by Tara Cavanagh, Working Abroad Program Manager
Part 4 of the Volunteer in Ghana blog series
One question I always get from participants who sign up for our Volunteer in Ghana program is "What can I eat while I'm there?" Even if you're a picky eater, you will be able to find something to satisfy your palate in Ghana. Fresh "exotic" fruit abounds in this country and can be purchased everywhere. There are many traditional dishes to try-fufu, banku, kenkey, pumpuka; less "traditional" dishes-rice, beans, chicken, cole-slaw, red-red; and finally, if you really are the worlds most picky eater, you can have spaghetti with red sauce or burgers and fries. I wish I could say that I was more adventurous in my food selections. I did try some of the local dishes, but not all, and I found myself eating a lot of rice, chicken, fish, fruit, etc.
Breakfast is the most important meal of the day, so we've been told, and it seems to be pretty substantial in Ghana too. Since Britain colonized Ghana and morning is a cool time of the day, I would guess that breakfast is a pretty big meal-though I can't say for certain as I took my breakfasts with my Ghanaian hosts solo. For my first breakfast in Ghana I was served eggs, tea/coffee, baked beans, fresh fruit, fruit juice, bread, and meat. What one might find in the USA or UK, though the taste of the food was slightly different. This breakfast seemed to repeat itself in some form or another at the hostel. It was only when I visited my host family that I was able to branch out into other Ghanaian dishes. My host mother told me about a traditional porridge made from millett called pumpuka that people like to eat for breakfast. She warned me that it was bitter and did not plan to make it for me as most Westerners do not like the dish. I expressed my interest in trying the pumpuka and the next morning there was a lovely hot bowl of porridge at the table. I woke up later than everyone else at my host family, who all got up just before sunrise, and found myself eating alone and listening to a political radio show. My host mom was not joking that it would be bitter-it was about one of the most bitter dishes I have ever eaten and I had difficulty finishing it. Apparently there are many other Ghanaian dishes that one could eat for breakfast which I did not have the opportunity to try. From years of Western volunteers complaining about the food in Ghana, it seems that the hostel and the host families have really modified what they serve to us Obronis (white people or foreigners).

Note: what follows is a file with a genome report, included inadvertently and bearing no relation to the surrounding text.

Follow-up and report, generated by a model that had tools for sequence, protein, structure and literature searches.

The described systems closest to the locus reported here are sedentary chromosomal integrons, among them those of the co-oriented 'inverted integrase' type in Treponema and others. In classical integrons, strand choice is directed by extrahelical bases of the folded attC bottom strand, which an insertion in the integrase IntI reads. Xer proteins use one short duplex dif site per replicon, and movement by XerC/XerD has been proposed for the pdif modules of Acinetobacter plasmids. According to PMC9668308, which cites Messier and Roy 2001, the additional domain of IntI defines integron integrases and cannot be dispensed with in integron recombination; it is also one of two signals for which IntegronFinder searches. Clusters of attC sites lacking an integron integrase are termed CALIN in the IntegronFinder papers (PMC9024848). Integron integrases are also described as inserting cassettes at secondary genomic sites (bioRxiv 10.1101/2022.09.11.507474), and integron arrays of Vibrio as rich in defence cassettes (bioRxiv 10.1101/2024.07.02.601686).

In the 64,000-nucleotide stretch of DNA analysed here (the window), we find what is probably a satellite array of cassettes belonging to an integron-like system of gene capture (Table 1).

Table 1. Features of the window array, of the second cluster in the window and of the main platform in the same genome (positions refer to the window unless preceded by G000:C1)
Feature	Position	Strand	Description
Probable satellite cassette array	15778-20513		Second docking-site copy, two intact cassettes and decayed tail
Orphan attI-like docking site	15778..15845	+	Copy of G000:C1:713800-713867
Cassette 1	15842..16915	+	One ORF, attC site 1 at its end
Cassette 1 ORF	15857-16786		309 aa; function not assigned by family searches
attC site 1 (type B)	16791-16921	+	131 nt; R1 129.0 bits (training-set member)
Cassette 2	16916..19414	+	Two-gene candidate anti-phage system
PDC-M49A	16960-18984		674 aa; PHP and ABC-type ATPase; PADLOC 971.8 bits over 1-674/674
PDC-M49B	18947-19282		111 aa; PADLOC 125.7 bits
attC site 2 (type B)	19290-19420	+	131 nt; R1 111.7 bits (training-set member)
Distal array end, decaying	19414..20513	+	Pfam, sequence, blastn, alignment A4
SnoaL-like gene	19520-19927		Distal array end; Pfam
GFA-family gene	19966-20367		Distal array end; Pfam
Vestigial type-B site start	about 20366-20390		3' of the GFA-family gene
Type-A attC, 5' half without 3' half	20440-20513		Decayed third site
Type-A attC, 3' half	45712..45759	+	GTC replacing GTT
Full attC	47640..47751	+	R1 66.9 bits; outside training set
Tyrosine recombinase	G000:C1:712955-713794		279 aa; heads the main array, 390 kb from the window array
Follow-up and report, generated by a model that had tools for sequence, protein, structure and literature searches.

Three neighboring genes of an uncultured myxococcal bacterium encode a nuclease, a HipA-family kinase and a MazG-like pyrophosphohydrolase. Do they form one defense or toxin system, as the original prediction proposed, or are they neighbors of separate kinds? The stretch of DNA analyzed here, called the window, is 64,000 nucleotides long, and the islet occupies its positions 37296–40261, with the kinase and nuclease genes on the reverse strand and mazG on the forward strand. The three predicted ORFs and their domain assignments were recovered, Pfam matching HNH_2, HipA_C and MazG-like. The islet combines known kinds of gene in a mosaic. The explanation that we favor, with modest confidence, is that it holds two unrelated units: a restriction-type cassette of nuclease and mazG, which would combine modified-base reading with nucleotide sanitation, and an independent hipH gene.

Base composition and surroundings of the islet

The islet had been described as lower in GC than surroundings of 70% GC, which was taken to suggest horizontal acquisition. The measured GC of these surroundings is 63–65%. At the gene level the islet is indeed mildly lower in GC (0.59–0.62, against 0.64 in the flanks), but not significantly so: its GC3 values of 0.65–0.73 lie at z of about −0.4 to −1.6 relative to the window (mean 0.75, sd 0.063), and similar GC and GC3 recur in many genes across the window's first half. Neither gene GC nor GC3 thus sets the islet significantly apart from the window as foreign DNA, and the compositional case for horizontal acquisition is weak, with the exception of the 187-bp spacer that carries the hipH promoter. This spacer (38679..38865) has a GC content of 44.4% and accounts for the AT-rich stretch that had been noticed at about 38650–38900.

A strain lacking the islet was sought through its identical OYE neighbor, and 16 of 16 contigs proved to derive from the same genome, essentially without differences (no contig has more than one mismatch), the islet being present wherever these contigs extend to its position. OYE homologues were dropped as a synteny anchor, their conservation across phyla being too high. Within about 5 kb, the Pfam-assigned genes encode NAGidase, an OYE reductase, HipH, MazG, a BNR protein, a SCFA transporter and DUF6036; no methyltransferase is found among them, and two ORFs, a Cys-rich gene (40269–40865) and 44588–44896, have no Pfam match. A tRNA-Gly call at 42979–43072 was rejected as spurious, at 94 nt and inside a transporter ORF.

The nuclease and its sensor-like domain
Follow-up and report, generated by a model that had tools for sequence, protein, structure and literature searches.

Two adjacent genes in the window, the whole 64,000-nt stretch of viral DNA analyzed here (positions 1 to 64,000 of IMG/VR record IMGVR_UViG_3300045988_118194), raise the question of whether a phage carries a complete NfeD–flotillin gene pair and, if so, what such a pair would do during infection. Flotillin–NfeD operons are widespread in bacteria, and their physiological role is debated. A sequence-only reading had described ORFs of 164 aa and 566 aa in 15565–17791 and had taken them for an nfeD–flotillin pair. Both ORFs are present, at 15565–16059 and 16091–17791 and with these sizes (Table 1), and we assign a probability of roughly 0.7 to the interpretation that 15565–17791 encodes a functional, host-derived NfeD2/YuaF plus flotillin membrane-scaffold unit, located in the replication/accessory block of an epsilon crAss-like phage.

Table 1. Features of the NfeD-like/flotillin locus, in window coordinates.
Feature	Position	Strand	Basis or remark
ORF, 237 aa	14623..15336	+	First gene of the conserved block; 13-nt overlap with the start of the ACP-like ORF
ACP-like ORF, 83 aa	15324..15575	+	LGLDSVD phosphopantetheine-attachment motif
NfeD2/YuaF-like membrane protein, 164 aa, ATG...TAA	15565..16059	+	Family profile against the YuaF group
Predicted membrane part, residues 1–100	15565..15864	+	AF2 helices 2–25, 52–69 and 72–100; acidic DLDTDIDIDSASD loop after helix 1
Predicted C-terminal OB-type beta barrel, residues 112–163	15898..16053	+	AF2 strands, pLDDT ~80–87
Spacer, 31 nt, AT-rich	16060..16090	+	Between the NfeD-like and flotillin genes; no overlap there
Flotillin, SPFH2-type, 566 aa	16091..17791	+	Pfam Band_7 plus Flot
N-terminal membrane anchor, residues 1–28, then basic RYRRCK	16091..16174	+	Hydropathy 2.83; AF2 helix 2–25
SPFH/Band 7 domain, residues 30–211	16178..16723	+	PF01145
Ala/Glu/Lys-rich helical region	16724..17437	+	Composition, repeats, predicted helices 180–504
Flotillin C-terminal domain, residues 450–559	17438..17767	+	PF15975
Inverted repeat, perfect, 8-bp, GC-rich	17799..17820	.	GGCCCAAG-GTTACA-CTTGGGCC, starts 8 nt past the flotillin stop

Another traditional dish that I had the pleasure of trying was fufu, which I ordered for lunch on my first day in Ghana -I had to jump into the local cuisine immediately! It takes two people to make fufu and the result is a paste-like, gelatinous substance. It's usually served in a tomato soup with chicken or goat meat. I got goat meat, since I love it and never have it here in the U.S. It's taboo to eat fufu with anything except your hands, although you can use a spoon to suck up the soup. There is a little bit of a ritual involved in eating fufu. First you receive a bowl of water to wash your right hand in, soap and a cloth are provided; then you dig in-with your right hand only! Ghanaian's never use their left hand as this was traditionally the hand used to "take care of business." I found it difficult to eat the goat meat with just my right hand-I had the constant urge to take it by both hands and devour it; the goat meat was delicious. The fufu was different than anything I've ever eaten. Unfortunately, I didn't enjoy the fufu as much as I enjoyed the goat meat or as much as our Ghanaian guides did. One big problem for me was texture, since most of us westerners don't like gelatinous foods. The second problem was due to a very strong spice in the dish, which had been overpowering while we walked through the Makola market. My association with the spice had triggered something and I had trouble fully enjoying the fufu because of it.
Like in many developing countries, the water in Ghana is not safe to drink. In fact, 70% of disease in Ghana can be attributed to poor drinking water. However, there is plenty of bottled water available and outside of Accra you will find suitable drinking water being sold in small pure water sachets, which costs about one cedi, the Ghanaian currency, to purchase a bag of about 20 sachets.
Other dishes I loved were chicken and jolloff, a type of rice; fried plantains; red-red, a dish made with fish and spices mixed with jolloff; and I got to experience Tuo Zafi, rice balls….mmmmm! ☺ I also drank tons of Coca-Cola since theirs was made with real sugar and not the corn syrup we have in our Coca-Cola here in the U.S. The longer you spend in Ghana, the more opportunity you will have to try these delicious dishes, especially if you are living with a host family. You may not like everything that you try, but there will be a few dishes you will miss when you get back to the states, for me it was the rice balls and red-red. A week was simply not enough time to learn about, or taste, all the different dishes in Ghana.
A fan of independent cinema and proponent of the Oxford comma, Matthew began his career at a Miami-based tech startup before returning to West Virginia University to pursue his M.A. in Foreign Languages. He has worked at InterExchange since 2006 and currently serves as a Marketing Project Manager.